Why I started Red Barn Advisory and Red Barn Healthcare.

On April 15, 2020, I was hit with two pieces of news that I think many people are dealing with during this pandemic.  At breakfast, I was told that a friend was given last rites on a ventilator as a result of their battle with Corona virus, COVID-19.  That same afternoon, I learned that a friend who was a hardworking, imaginative and crazy but altruistic business man who owned and operated a collection of service businesses ranging from car services and restaurants to potential biodiesel plants to help Africa, dropped dead of a heart attack while dealing with the stress of his small businesses being shut down by the government.  The combined stress of worrying about his employees and their families and his businesses potential collapse took its ultimate toll.

My reaction that day was, “How did we get here? How do we get out of this?”

The following day I received a phone call from a business friend, who always finds himself on the leading edge.  He relayed an incredible story of a call his group received in the past few days regarding a possible rapid COVID-19 test kit.  I did not even know such a thing existed.  Actually, it did not exist prior to this pandemic.  It was part of a new batch of diagnostic tool kits that are emerging at light speed across the globe as anyone who has a testing and diagnostic lab joins together from a health standpoint, yet separately from a commercial standpoint to develop tools to deal with the current situation.

After the news of the previous day, this was an amazing way for me to do something.

I asked how I could help.  He tasked me with spreading the news about the tool kit; thereby, letting my network know I had a potential tool and path forward.

I spent the next 3 days tapping into leading experts in the healthcare world nationally and then globally to educate myself on whether this could be a helpful tool. I quickly learned that this had the potential to help hospitals get their patients comfortable with returning to their buildings and health care provider sites, provide employers a tool to determine whether employees were able to come back to work or should continue to remain in shelter, educational systems to learn who on their teaching and overall staff can come back to campus along with students.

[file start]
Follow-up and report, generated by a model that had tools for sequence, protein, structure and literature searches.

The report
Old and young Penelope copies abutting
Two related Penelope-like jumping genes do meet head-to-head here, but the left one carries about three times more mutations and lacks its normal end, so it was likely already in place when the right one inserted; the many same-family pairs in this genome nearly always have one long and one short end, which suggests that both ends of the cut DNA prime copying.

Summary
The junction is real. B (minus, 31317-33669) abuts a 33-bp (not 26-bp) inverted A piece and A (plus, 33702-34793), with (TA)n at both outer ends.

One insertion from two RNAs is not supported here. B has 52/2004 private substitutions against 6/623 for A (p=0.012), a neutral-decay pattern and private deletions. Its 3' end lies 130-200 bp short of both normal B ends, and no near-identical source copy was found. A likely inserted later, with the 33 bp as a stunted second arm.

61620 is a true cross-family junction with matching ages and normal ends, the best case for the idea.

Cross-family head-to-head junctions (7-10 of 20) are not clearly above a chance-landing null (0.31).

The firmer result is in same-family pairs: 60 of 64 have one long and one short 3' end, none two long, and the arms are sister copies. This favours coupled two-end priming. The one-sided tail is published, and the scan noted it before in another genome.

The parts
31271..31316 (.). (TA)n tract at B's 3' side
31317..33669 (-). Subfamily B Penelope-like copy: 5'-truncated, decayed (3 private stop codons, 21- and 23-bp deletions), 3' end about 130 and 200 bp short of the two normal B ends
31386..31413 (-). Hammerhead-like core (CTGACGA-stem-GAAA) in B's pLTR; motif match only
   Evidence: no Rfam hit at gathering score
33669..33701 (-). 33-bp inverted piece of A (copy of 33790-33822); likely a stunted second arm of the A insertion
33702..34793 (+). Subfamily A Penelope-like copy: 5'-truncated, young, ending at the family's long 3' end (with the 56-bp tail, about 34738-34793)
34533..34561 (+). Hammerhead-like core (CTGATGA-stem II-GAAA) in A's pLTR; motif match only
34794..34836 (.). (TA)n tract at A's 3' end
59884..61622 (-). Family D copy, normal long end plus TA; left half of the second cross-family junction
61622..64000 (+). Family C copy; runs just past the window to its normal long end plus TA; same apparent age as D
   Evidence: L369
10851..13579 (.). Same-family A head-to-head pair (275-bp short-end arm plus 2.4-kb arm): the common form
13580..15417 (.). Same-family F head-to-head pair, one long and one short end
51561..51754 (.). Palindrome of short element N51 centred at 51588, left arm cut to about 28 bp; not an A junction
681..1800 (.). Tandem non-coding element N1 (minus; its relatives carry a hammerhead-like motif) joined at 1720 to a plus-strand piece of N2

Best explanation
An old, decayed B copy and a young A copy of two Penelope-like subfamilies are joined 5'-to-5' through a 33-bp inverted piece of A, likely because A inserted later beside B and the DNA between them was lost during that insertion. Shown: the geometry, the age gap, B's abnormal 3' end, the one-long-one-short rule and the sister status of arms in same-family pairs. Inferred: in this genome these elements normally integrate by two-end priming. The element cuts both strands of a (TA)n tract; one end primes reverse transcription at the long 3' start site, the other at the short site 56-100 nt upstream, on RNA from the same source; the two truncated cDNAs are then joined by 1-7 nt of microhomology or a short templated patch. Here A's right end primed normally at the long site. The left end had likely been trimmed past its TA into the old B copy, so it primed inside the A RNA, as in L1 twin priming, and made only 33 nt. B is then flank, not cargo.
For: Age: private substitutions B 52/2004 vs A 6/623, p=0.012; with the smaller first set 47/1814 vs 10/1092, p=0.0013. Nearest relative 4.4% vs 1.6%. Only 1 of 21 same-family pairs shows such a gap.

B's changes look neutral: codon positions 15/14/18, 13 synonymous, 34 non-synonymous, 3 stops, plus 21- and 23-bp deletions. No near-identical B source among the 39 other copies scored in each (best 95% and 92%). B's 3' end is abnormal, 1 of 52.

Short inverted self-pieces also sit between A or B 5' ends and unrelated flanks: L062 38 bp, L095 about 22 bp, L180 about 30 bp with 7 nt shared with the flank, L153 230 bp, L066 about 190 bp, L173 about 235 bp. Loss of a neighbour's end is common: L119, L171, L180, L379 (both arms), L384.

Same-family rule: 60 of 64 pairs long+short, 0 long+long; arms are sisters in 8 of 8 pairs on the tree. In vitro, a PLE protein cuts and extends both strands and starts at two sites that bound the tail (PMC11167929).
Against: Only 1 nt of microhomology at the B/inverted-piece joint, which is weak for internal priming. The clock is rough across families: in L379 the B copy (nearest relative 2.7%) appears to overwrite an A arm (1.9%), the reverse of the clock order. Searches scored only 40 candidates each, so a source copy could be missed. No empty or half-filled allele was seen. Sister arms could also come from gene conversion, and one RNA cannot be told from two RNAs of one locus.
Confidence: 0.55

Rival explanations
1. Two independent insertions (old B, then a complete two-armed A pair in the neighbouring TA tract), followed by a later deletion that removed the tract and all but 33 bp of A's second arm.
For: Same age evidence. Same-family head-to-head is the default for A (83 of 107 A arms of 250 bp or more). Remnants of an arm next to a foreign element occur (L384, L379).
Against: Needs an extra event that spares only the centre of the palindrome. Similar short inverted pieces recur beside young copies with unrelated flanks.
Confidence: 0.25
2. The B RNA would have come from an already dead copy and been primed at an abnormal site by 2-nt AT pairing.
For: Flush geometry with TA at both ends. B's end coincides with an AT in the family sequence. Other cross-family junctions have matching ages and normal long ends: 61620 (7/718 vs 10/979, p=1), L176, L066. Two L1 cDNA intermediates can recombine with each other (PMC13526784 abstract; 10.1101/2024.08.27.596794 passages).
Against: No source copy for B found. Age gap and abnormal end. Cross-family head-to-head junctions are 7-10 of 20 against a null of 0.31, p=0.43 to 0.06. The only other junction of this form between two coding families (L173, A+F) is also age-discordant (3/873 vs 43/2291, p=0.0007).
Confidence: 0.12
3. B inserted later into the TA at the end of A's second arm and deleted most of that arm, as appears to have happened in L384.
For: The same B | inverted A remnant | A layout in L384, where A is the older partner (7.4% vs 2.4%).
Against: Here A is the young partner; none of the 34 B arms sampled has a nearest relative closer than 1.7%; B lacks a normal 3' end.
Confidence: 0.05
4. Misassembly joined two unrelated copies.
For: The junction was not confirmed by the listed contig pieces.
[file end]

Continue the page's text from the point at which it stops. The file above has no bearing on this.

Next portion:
What I have learned:

First, I AM NOT A HEALTHCARE PROFESSIONAL, although I did pull out a few ingrown toenails at one of the Hospitals in Dublin as a premed student.  But that is a story for later.

Second, the world economy has been shut down by governments across the globe which is the polar opposite from the 2008-09 crisis when every effort was made to keep the economy going. This is resulting in small business being driven to the point of collapse and government aid programs at an unprecedented scale in my or my parent’s lifetime.

The birth of the Mission Statement:  GET BACK TO WORK

What have I learned over the course of the next 12 days of close to 24 hours of round the clock discussions with health care systems ranging from Chairman of the Boards of Hospitals to Presidents of Hospitals, to Surgeons at leading University Hospitals, to Emergency Room Physicians in one of the first do not travel areas in the United States, to heads of COVID response teams at transportation companies, to friends that operate some of the largest managed care platforms in both the United States and Europe, with business friends that have direct lines to Health Ministries in African nations (who have experience with previous shutdowns due to epidemics of EBOLA and AIDS) where you need a travel permit to even leave your home, to friends in Moscow where you can be arrested with possibility of 5 years of prison for violating quarantine, and finally to friends who have restaurants, hair salons, bars, car racing teams, event spaces, sports teams, clothing stores, farms that supply the restaurant industry, and just too many to list here that are feeling the effects of the pandemic. Yes, that is an exhausting sentence.

Red Barn Advisory was formed because there is a need for tools to get people back to work and reopen the economy globally, nationally and locally.